New PIAC Report: Unraveling Webs of Uncertainty: What an Internet Code could mean for Canadian Consumers
OTTAWA –Canadians continue to face several issues with their home Internet access services and recent regulatory efforts to address them still fall short, a new Report released today by the Public Interest Advocacy Centre (PIAC) outlines. Prominent consumer internet service issues include billing; home Internet speed, often claimed to be either slow, or subject to throttling and poor quality of service (often a mismatch between the advertised Internet speed and what is actually delivered); lack of contract clarity; and challenges in installing and cancelling Internet access services.
The Report also reviewed how a potential “Internet Code” could be effective in addressing several of the above consumer issues regarding retail Internet access. While the Report was being drafted, the Canadian Radio-television and Telecommunications Commission (CRTC) released its “Internet Code” decision. The Report analyzes the CRTC’s Internet Code and finds that it does not adequately address several consumer issues, including speed claims and in one case, installation fees, actually permits additional unwarranted charges to be added to bills by Internet Service Providers (ISPs).
“The CRTC missed a golden opportunity to fix Internet service by rushing out the Internet Code with minimal safeguards for consumers,” said John Lawford, Executive Director and General Counsel at PIAC.
PIAC’s Report reviewed international practices and policies that revealed several consumer protection regulations that could have been useful and applied in Canada; in particular, those addressing broadband speed claims and billing issues. “These international protections should be considered in detail to better understand their relevance for Canada’s specific framework,” noted Tahira Dawood, Policy and Research Analyst at PIAC.
The Report’s recommendations are divided in two stages for ease of implementation. For the first stage, it suggests:
- The Commission should consider including issues regarding broadband speed and misleading advertising in a potential Internet Code.
- Under the quality of service aspects of the new broadband speed regulatory regime, all ISPs should be required to provide a minimum guaranteed baseline download and upload speed, and consumers should have a right to exit a contract without penalty, if these baseline speeds are not consistently achievable at the promised level, within 30 days.
- Additionally, the Competition Bureau and the CRTC should work together on an inquiry on broadband speed and quality advertising.
- The CRTC should, within the next two years, launch a public proceeding to review the level and nature of competition in the retail Internet access services market to parallel the ongoing “Wireless Review”.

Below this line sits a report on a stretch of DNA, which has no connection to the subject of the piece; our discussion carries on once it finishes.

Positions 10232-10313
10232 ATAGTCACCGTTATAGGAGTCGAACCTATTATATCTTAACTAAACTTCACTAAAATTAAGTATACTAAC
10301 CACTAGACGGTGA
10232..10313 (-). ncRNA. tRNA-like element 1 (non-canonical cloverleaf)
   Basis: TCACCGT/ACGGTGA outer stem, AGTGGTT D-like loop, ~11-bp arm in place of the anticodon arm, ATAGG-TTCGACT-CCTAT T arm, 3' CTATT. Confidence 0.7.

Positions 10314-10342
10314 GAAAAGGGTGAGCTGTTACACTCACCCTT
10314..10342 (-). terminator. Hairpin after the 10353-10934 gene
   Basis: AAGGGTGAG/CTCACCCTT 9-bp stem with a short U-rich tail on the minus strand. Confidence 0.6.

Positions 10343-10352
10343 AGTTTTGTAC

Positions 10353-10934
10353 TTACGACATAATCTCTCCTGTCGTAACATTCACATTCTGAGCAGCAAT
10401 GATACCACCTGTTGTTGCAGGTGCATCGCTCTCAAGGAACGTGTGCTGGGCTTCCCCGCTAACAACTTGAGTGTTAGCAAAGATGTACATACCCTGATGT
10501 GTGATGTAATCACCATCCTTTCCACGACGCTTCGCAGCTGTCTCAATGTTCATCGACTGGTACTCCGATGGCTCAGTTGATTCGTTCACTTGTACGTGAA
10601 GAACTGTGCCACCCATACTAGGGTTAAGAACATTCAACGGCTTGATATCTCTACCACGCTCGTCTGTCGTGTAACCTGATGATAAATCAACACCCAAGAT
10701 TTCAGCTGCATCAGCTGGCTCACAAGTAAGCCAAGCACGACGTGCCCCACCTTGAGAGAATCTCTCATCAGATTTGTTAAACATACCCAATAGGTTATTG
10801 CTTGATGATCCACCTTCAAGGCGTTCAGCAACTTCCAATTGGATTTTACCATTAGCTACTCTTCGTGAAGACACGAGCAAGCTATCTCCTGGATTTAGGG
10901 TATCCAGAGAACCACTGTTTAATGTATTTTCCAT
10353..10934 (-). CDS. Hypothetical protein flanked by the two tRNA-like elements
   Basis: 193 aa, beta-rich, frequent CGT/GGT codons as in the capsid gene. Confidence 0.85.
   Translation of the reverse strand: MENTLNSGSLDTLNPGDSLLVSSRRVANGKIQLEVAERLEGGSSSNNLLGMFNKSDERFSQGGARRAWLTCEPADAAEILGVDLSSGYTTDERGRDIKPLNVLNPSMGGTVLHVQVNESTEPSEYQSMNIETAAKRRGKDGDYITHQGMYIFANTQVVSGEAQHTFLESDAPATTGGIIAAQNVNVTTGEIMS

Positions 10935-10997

- The Commission should take action to implement the suggestions it made to improve consumer protection in its Report on Misleading or Aggressive Communications Retail Sales Practices and to prioritize those applicable to retail Internet access services, including suitability standards for the sale of residential retail Internet access services.
For the second stage:
- The Commission should consider, in the long-term, having a single, mandatory and universal telecommunications code that applies to all telecommunications services and all broadcasting distribution services, rather than a patchwork of consumer protection.
- The CRTC should launch a public proceeding to frame this Code within 3 years, with a view to having the Telecommunications Code in place within 5 years.
The Report’s drafting was mostly completed by July 2019 with the addendum to the report written after the CRTC’s decision on the Internet Code came out.
To view the full report in English, click here.
To access the condensed report in English, click here and to view the report in French, click here.
To view the addendum to the report in English, click here.
To view the addendum to the report in French, click here.
The Public Interest Advocacy Centre (PIAC) has received funding from Innovation, Science and Economic Development Canada’s Contributions Program for Non-profit Consumer and Voluntary Organizations. The views expressed in this report are not necessarily those of Innovation, Science and Economic Development Canada or of the Government of Canada.
For more information please contact:
Executive Director and General Counsel
Public Interest Advocacy Centre (PIAC)
Tel: 613-562-4002 x 25
Policy and Research Analyst
Public Interest Advocacy Centre (PIAC)
Tel: 613-562-4002 x 23